(Radiology Review) Cardiac MDCT angiography for assessing coronary artery disease and coronary bypass grafts has enabled right ventricular (RV) function assessment, according to a study in the May issue of the American Journal of Roentgenology.
Dr. Cédric Plumhans and colleagues from RWTH Aachen University Hospital in Aachen, Germany, sought to compare the reliability of global RV function, which is clinically important in patients suspected of "pulmonary hypertension, cardiomyopathy, acute or chronic pulmonary embolism, cardiac insufficiency, and myocardial infarction," using contrast-enhanced ECG-gated cardiac 64-slice MDCT with 1.5-tesla cine MRI.
Plumhans and his colleagues examined 38 patients (25 men and 13 women, mean age 55 years ± 8.8) using contrast-enhanced 64-slice MDCT (Somatom Sensation Cardiac 64, Siemens Healthcare, Erlangen, Germany; 64 mm x 0.6 mm, 120 kV, 770 mAseff). On the same day, all patients underwent 1.5-tesla MRI (Gyroscan Intera, Philips Healthcare, Andover, MA; balanced fast-field echo; TR/TE, 3.3/1.6; flip angle, 60°; 50 phases) using a five-channel cardiac coil.
They found agreement in RV volumes measured with MDCT compared with MRI and good correlation for the mean ejection fraction (EF) calculated from MDCT (51%) and MRI (51.4%). Furthermore, they found excellent correlation for end-diastolic volume (EDV), end-systolic volume (ESV), stroke volume (SV), and EF, without significant statistical difference.
Nonionic contrast (Ultravist 370, Bayer HealthCare, Leverkusen, Germany) was injected into the antecubital vein through an 18-gauge venous access. A 10-mL bolus of contrast medium was injected at a flow rate of 5 mL/sec, followed by a 50-mL saline chaser injected at 5 mL/sec. The time between injection and maximum enhancement in the ascending aorta was used to calculate the time until optimal contrast opacity in the coronary arteries.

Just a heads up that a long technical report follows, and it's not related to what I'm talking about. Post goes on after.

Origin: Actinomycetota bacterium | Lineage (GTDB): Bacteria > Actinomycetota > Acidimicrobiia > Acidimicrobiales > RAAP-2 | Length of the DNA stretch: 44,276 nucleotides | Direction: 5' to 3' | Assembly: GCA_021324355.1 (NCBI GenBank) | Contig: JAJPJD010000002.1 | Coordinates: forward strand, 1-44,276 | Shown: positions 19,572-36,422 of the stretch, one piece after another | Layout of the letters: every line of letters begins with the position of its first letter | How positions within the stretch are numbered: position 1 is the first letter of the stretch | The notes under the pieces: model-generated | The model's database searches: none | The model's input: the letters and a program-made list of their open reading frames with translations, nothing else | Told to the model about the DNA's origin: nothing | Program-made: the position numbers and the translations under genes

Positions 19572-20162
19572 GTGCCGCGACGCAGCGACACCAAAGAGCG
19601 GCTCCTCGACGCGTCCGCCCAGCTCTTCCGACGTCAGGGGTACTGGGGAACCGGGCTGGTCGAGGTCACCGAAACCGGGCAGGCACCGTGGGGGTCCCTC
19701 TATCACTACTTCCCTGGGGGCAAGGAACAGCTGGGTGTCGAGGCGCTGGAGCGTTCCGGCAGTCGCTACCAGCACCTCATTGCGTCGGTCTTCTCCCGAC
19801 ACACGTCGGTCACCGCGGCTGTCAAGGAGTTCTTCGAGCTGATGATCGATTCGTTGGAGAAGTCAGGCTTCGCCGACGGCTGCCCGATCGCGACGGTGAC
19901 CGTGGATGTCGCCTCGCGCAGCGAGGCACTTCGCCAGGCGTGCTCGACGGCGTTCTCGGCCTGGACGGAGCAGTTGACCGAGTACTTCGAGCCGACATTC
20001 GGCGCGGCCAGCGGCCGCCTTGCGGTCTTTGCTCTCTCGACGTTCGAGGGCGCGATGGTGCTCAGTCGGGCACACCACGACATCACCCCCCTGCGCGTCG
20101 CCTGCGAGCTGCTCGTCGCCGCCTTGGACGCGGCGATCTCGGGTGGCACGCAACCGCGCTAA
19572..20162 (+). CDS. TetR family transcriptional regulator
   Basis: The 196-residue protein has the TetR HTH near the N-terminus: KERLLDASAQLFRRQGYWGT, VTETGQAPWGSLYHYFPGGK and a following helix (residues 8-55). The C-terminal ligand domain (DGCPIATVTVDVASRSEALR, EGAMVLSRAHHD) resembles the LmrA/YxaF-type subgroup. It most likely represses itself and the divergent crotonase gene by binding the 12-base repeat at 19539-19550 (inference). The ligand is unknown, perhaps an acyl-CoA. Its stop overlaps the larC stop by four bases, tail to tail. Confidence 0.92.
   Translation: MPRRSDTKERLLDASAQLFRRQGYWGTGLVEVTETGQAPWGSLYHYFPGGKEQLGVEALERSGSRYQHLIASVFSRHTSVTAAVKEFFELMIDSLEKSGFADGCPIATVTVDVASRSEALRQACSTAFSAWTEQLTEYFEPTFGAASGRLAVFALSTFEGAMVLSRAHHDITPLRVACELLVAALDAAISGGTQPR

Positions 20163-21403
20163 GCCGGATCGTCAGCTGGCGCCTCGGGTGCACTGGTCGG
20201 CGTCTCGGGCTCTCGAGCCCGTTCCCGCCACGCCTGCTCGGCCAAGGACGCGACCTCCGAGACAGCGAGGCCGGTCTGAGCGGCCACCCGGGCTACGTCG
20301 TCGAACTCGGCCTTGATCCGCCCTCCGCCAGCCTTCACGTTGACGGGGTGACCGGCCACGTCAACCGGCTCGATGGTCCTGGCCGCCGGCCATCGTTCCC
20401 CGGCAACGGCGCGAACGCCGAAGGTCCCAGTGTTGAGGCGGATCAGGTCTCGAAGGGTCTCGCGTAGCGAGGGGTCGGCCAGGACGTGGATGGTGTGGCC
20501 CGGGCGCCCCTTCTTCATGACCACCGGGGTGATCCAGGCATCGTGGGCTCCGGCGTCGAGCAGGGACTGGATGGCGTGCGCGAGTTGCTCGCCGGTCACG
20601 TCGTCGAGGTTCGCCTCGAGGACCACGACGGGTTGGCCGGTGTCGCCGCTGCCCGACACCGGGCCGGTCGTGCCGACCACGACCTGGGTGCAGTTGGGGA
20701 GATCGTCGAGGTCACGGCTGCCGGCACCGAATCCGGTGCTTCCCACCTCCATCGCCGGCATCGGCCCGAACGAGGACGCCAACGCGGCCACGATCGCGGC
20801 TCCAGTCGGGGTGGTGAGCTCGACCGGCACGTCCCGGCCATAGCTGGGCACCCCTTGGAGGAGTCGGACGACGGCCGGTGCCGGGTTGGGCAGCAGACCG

"The total volume of contrast medium used was calculated as the scanning time multiplied by the flow rate of 5 mL/sec plus an additional 8 mL, resulting in a mean total contrast volume of 75 ± 2 mL," the authors wrote.
For this study, the use of a contrast injection protocol optimized for enhancement of the coronary arteries did not restrict the evaluation of global RV function. "All MDCT and MR examinations were completed without complications, and all were of diagnostic quality," they wrote.
Compared with MRI, cardiac ECG-gated 64-slice MDCT demonstrates RV function with acceptable reliability and excellent correlation for EDV, ESV, SV, and EF measurement, they stated, even though contrast injection is optimized for visualization of the coronary arteries. Patients having coronary CT angiography will benefit from RV function assessment. However, radiation exposure and the use of iodinated contrast limit MDCT for cardiac function assessment, the authors wrote.
"Global Right Ventricular Function on 64-MDCT Compared with MRI"
Cédric Plumhans et al
Department of Diagnostic Radiology, RWTH Aachen University Hospital, Pauwelsstraβe 30, D 52057 Aachen, Germany
AJR 2008 (May); 190:1358-1361
By Radiology Review
July 4, 2008
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